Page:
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Can we explore this universe

by adilsyyed
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adilsyyed
#1
Jul18-11, 07:10 AM
P: 26
Please ignore my question if you mock over stupid questions...

Keeping in mind:
1) The distance traveled by light in one year is one light year
2) Material objects can not attain the speed of light
3) Solar system is VAST, but at the same time it may be smaller than even a single star far far away from us. Imagine the size of that star system, and then the distance between solar system and that star system (simply billions of billions of billions of light years from us.)

Now the question is :
Can we happen to know what is out there in those systems (with todays technology we can't).
But as stated earliier; it is impossible for a material object to attain the speed of light, so does that mean we can never have the technology to overcome this constraint.

Is it the limit...?
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Ryan_m_b
#2
Jul18-11, 07:26 AM
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To accelerate to the speed of light would require either infinite energy or infinite time so yes, it is the limit. There are speculative proposals to get around this; wormholes and warp drives.

It may be possible to create traversable wormholes to allow short cuts in space. However this requires exotic matter that may not even exist and you would still have to drag one of the wormholes to your destination of choice slower than light (you also have the tricky problem that you have now created a potential time machine but this could be resolved if Visser collapse or some other CPC held true).

On the subject of warp drives this paper which is further discussed in this paper proposes ways of getting around the horrendous energy requirements outlined in this paper. The "trick" is to change the warp bubble so that it's exterior radius is microscopic yet the interior radius is large enough to accommodate your vehicle (essentially making a warp bubble that's bigger on the inside than on the out). Apparently this would greatly shrink the amount of energy needed to manageable levels. They don't outline how exactly a shell could be build around a ship in such a fashion nor how the ship could leave.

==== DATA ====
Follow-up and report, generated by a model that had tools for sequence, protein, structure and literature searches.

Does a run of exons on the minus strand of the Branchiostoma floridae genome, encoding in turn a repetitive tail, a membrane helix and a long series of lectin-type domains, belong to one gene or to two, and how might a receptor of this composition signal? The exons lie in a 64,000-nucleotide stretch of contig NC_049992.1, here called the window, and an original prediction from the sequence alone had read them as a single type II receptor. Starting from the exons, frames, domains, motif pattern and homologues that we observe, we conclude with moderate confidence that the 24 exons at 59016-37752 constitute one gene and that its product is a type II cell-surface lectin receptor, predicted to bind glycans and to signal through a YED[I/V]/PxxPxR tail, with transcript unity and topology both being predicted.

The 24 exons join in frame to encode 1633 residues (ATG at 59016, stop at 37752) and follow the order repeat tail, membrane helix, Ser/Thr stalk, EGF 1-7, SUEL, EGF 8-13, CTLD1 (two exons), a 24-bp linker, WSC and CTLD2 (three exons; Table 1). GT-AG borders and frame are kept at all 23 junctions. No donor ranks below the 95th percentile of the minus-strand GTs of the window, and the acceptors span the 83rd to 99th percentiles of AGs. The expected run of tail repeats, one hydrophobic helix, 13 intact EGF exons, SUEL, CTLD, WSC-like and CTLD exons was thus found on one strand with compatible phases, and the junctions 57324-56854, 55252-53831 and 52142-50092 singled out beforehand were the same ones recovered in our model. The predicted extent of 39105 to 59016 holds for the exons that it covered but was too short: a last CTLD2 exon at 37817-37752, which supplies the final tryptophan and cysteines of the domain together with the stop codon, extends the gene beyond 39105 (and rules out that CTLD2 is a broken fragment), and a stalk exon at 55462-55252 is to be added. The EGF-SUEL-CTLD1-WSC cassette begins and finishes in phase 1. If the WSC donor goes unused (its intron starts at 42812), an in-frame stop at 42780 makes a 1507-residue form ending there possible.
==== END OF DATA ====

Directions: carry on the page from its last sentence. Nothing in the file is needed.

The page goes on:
However neither of these approaches fixes the other problems of a warp bubble such as requiring the construction of an exotic matter shell, superluminal signalling to steer/control the bubble and the huge amount of radiation a warp drive subjects you to. There are some interesting (but technical) objections in this paper that apparently show that a warp drive would only be capable of very low velocities as well as highlighting other problems.

So without exotic matter that may not even exist we are stuck to trying to make slower than light vehicles. To make an interstellar vehicle would be fantastically complex though requiring horrific amounts of energy (even if we used an antimatter rocket we would need potentially thousands-millions of tonnes for a high fraction of c.) as well as a thorough understanding of ecology so as to make a stable environment in a closed system to keep the occupants alive.
chrisbaird
#3
Jul18-11, 10:57 AM
P: 617
If we build ever bigger and stronger telescopes, we can explore the universe just fine without going anywhere.

Yes, the distance between stars makes exploration through transportation difficult.. but not impossible. The less massive a particle, the easier it is to accelerate. We as a human species routinely accelerate objects to 99.9999% the speed of light in particle accelerators. I think the future of space exploration is accelerating intelligent microscopic probes close to the speed of light.